Crow Indian Rock Art

Author: Timothy P McCleary
Publisher: Routledge
ISBN: 1315431114
Format: PDF, Mobi
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This absorbing volume examines the cultural role of rock art for the Apsáalooke, or Crow, people of the northern Great Plains. Their extensive rock art developed within the changing cultural life of the tribe. Individual knowledge and meaning of rock art panels, however, relies as much on collective concepts of landscape as it does on shared memories of historic Crow culture. Using this idea as a focus, this book:-introduces Plains Indian rock art of the 19th century as we know about it from its own stylistic conventions, ethnographic data, and historical accounts;-investigates the contemporary Crow discourse about rock art and its place within the cultural landscape and archaeological record;-argues that cultural concepts of space and place are fundamental to the way rock art is discussed, experienced and interpreted.

Art of Indian Cuisine

Author: Rocky Mohan
Publisher: Roli Books
ISBN: 9789351941026
Format: PDF, Docs
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Indian cuisine traditionally conjures up images of tantalising food steeped in fragrant spices, enriched with subtleties of different flavors, exotic methods of cooking such as dum, baghar, and dhungar. This haute cuisine has, however, remained the allure of specialty restaurants and gourmet cooks. Art of Indian Cuisine changes all that! Having perfected his mouth-watering recipes for over a decade, Rocky Mohan brings these luscious preparations within the convenient reach of a modern kitchen with ease. Lucid and simple instructions to cook in varying styles, making masalas at home, flavoring and smoking techniques - all possible with user-friendly gadgets and easy availability of ingredients, sets this book apart.

Relational Identities and Other than Human Agency in Archaeology

Author: Eleanor Harrison-Buck
Publisher: University Press of Colorado
ISBN: 1607327473
Format: PDF, ePub, Docs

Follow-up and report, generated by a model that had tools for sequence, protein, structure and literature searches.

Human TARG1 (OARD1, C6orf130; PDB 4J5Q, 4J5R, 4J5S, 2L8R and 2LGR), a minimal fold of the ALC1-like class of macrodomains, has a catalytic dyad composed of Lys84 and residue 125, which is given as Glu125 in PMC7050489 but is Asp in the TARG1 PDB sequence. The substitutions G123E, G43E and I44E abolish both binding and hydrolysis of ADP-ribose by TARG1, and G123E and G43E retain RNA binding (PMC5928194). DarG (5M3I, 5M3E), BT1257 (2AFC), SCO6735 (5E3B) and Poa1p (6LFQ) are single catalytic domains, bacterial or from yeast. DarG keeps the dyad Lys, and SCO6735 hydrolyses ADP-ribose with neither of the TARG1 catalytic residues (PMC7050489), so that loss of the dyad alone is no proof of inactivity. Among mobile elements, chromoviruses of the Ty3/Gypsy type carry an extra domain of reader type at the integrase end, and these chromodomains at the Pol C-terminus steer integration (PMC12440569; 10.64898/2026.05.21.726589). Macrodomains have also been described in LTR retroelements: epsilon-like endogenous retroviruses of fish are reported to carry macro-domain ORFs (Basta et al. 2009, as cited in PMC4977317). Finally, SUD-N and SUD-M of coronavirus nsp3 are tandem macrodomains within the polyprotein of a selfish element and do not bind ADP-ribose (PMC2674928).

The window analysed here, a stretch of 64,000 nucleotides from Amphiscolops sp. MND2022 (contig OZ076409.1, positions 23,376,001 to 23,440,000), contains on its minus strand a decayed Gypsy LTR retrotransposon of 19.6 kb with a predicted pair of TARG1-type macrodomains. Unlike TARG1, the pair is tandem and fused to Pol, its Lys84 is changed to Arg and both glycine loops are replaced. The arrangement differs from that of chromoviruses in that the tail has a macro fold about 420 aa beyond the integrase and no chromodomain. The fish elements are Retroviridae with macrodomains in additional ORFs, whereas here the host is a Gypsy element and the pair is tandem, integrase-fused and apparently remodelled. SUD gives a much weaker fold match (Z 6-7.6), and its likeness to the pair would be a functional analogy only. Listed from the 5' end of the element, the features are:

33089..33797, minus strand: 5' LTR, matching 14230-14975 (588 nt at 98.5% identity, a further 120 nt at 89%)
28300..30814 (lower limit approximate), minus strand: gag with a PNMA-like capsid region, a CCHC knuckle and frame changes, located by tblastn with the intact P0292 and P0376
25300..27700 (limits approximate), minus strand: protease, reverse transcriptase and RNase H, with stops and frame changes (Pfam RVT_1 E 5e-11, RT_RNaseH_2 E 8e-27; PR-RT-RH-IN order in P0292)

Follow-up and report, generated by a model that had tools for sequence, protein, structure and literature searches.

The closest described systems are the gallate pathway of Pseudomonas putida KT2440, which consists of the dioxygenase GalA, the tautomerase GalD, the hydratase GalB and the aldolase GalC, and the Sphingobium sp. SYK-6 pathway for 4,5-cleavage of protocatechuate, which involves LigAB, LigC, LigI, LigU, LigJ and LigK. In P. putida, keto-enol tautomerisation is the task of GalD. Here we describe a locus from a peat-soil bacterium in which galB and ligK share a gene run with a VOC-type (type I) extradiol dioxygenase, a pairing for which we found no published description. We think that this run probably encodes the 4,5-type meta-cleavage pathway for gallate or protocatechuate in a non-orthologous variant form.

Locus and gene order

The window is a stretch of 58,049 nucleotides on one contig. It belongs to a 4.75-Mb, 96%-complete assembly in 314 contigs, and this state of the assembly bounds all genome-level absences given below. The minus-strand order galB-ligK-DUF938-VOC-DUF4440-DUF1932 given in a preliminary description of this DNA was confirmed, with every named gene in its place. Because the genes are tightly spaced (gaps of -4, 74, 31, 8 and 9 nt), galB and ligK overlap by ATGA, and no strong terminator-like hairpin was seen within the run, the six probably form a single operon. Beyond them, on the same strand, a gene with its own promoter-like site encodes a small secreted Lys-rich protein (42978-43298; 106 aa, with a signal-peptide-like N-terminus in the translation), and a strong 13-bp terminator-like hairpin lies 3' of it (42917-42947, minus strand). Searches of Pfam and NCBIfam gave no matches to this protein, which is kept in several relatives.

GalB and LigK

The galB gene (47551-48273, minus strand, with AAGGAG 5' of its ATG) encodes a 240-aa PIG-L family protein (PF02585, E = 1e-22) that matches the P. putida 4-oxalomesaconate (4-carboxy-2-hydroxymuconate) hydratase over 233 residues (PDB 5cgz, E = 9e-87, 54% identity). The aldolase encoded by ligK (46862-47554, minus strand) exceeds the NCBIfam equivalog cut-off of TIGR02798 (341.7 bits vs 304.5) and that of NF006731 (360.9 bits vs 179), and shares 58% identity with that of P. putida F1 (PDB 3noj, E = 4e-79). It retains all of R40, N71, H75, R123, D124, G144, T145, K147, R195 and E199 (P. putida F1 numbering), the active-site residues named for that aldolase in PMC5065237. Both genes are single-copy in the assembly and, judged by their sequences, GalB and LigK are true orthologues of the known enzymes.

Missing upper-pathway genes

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Relational Identities and Other-than-Human Agency in Archaeology explores the benefits and consequences of archaeological theorizing on and interpretation of the social agency of nonhumans as relational beings capable of producing change in the world. The volume cross-examines traditional understanding of agency and personhood, presenting a globally diverse set of case studies that cover a range of cultural, geographical, and historical contexts. Agency (the ability to act) and personhood (the reciprocal qualities of relational beings) have traditionally been strictly assigned to humans. In case studies from Ghana to Australia to the British Isles and Mesoamerica, contributors to this volume demonstrate that objects, animals, locations, and other nonhuman actors also potentially share this ontological status and are capable of instigating events and enacting change. This kind of other-than-human agency is not a one-way transaction of cause to effect but requires an appropriate form of reciprocal engagement indicative of relational personhood, which in these cases, left material traces detectable in the archaeological record. Modern dualist ontologies separating objects from subjects and the animate from the inanimate obscure our understanding of the roles that other-than-human agents played in past societies. Relational Identities and Other-than-Human Agency in Archaeology challenges this essentialist binary perspective. Contributors in this volume show that intersubjective (inherently social) ways of being are a fundamental and indispensable condition of all personhood and move the debate in posthumanist scholarship beyond the polarizing dichotomies of relational versus bounded types of persons. In this way, the book makes a significant contribution to theory and interpretation of personhood and other-than-human agency in archaeology. Contributors: Susan M. Alt, Joanna Brück, Kaitlyn Chandler, Erica Hill, Meghan C. L. Howey, Andrew Meirion Jones, Matthew Looper, Ian J. McNiven, Wendi Field Murray, Timothy R. Pauketat, Ann B. Stahl, Maria Nieves Zedeño